The U.S. Department of Defense recently designated Semiconductor International Manufacturing Corporation (SMIC) as a company owned or controlled by the Chinese military. The government’s action restricts American suppliers from selling tools and materials to the business. Washington also took action to bar United States-based organizations from investing in the chipmaker.
While those developments will undoubtedly hurt the firm, its current challenges are temporary. SMIC’s unmatched expertise and strategic importance could enable it to become a leading provider in the global electronic components industry.
Market Leading Technology
Currently, SMIC is China’s largest pure-play foundry and the fifth-biggest chipmaker in the world. The company achieved its status in part because it developed industry-leading technology within its domestic market.
Earlier this year, SMIC began taping out its N+1 7nm node, which makes it the only Chinese firm with that level of production sophistication. In addition, market insiders believe it will begin utilizing the technology at scale next year.
The company managed to improve its production despite the mounting inaccessibility of American-derived semiconductor technology. The chipmaker reached the 7nm threshold without using tightly controlled, extreme ultraviolet lithography (EUV) equipment as opposed to its foreign rivals.
That indicates it will continue to advance its production proficiency even with Washington’s recent policy changes.
Robust Financial Resources
If the Chinese foundry is to realize its full potential, it will need a lot of money. The work of semiconductor research, design, fabrication, and testing is hugely expensive. SMIC estimates it will spend $5.9 billion on its operations this year. The process is even more costly for businesses that cannot purchase production tools for leading third-party vendors.
Nevertheless, SMIC looks poised to bring its business to the next level.
The chipmaker has shown it has the potential for long-term growth by generating record revenue throughout the year. In the first nine months of 2021, it made $2.925 billion, with its highest sales coming in Q3. That is notable because it made $3.11 billion in all of 2019. It also raised $7.57 billion in July via an initial public offering (IPO) on the Shanghai Stock Exchange.
The company’s robust quarterly income and outside financial backing will enable it to develop advanced component nodes.
SMIC also has Beijing’s support because it views its success as an important part of its national semiconductor independence initiative. The country’s government, via the China Integrated Circuit Industry Investment Fund, contributed $500 million to its Shanghai IPO. The region’s leaders are working with the manufacturer to establish a state-of-the-art wafer fabrication facility in Beijing.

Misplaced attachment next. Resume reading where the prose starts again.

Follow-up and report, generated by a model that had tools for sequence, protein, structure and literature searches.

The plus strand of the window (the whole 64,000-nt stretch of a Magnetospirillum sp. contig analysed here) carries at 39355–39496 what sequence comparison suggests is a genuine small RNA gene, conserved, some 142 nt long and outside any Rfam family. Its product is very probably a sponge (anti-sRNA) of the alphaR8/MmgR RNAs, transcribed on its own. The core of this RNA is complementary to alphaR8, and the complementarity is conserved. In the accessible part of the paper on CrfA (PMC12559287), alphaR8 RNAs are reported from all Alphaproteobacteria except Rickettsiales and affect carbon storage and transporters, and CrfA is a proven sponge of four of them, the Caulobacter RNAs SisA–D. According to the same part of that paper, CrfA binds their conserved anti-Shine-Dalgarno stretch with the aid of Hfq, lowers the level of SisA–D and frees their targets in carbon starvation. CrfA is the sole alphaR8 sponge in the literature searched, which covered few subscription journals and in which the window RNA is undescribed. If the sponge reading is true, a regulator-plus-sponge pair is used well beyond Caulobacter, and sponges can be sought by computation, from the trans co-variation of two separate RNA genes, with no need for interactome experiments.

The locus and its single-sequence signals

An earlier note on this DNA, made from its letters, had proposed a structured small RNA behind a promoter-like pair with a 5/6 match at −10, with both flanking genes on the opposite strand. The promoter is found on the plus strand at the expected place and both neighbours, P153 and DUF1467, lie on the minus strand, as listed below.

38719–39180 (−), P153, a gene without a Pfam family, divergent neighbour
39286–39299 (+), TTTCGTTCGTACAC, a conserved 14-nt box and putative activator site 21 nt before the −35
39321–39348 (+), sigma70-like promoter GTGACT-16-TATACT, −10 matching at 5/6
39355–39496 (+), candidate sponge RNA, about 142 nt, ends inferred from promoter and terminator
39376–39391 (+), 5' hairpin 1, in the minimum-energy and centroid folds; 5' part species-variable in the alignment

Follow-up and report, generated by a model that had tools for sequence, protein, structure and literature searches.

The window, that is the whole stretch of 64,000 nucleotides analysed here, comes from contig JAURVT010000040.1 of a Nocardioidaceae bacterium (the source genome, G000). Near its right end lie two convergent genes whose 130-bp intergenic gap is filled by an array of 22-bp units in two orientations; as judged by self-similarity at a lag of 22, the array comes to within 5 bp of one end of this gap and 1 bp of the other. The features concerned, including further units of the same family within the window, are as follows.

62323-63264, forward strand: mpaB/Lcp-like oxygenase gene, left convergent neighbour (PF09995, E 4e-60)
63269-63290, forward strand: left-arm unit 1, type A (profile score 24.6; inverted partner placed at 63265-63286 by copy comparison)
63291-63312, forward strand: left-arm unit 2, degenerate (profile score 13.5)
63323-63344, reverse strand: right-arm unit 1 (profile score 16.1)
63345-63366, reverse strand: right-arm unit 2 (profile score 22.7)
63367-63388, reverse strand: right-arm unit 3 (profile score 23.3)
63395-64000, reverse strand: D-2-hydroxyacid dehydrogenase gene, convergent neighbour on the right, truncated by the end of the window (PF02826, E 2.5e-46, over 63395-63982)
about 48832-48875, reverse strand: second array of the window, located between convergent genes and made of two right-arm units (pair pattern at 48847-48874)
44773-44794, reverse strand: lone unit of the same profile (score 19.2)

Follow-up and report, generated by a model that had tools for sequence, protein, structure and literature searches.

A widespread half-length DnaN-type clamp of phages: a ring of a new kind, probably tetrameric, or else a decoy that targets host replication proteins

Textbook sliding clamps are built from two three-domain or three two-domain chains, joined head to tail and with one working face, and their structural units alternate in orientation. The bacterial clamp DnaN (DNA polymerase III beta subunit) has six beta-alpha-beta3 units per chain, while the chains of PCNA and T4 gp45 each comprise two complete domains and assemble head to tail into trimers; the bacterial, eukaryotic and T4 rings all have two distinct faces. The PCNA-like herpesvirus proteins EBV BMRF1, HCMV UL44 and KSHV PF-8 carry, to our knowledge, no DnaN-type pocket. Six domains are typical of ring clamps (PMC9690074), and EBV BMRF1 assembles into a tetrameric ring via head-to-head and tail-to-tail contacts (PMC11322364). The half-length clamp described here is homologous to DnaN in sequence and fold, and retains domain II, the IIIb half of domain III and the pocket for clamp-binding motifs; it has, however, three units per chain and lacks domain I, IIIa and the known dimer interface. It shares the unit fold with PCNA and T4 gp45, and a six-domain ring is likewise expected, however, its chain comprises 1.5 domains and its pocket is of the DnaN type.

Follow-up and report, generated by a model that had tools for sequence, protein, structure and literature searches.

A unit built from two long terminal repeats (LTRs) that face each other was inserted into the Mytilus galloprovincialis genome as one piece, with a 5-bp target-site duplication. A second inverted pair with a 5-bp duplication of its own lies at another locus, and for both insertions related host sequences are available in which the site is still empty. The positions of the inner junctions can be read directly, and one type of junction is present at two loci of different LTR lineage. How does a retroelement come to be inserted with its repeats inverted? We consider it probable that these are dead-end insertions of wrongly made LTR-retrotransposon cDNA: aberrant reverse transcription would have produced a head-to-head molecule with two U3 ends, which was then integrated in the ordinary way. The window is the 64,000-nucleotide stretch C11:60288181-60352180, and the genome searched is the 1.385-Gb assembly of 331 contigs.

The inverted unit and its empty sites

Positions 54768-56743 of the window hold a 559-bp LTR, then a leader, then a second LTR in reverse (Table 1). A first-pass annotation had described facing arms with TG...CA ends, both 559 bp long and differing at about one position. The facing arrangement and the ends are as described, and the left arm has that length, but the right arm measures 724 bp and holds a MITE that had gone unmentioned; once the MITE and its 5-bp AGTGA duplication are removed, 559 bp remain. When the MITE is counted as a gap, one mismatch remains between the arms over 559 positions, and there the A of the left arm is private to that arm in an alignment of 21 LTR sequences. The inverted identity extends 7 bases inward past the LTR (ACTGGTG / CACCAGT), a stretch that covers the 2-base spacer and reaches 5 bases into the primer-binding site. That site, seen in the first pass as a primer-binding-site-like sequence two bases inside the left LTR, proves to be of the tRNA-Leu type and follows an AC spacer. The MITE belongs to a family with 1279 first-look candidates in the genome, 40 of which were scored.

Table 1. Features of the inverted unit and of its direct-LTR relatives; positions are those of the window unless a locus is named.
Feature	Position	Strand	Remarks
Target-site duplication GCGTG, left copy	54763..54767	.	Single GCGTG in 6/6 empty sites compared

Its government partnerships will enable SMIC to dedicate more of its cash on hand to research and development, recruitment, and facility upgrades.
Strong Headwinds will not Capsize the Ship
Like all businesses, SMIC is not immune to the impact of geopolitical headwinds. In November, the corporation revealed it would cut its 2020 capital expenditures by 12 percent due to newly enacted U.S. export controls. Its Q4 revenue will likely take a hit because of its fundraising restrictions and sourcing challenges.
That said, SMIC’s strong domestic market position should give it the wherewithal to overcome the obstacles it is now facing.
In fact, the manufacturer might be able to substantially increase its revenue in the next few years. IC Insights recently issued a forecast indicating China will spend an estimated $14.85 billion on pure-play foundry services this year. Because of the region’s interest in rapid national digitalization, its semiconductor market will likely continue growing.
SMIC, with its domestic market-leading technology and healthy cash stores, is positioned to meet Chinese chip demand.
Even if U.S.-China relations significantly improve soon, the worldwide electronic component reshoring and realignment trend will continue. The trade war and coronavirus pandemic made it clear that traditional, globalized supply chains are not fit for purpose in the 21st century. Consequently, SMIC has the opportunity to transition from being a domestic champion into a corporate institution.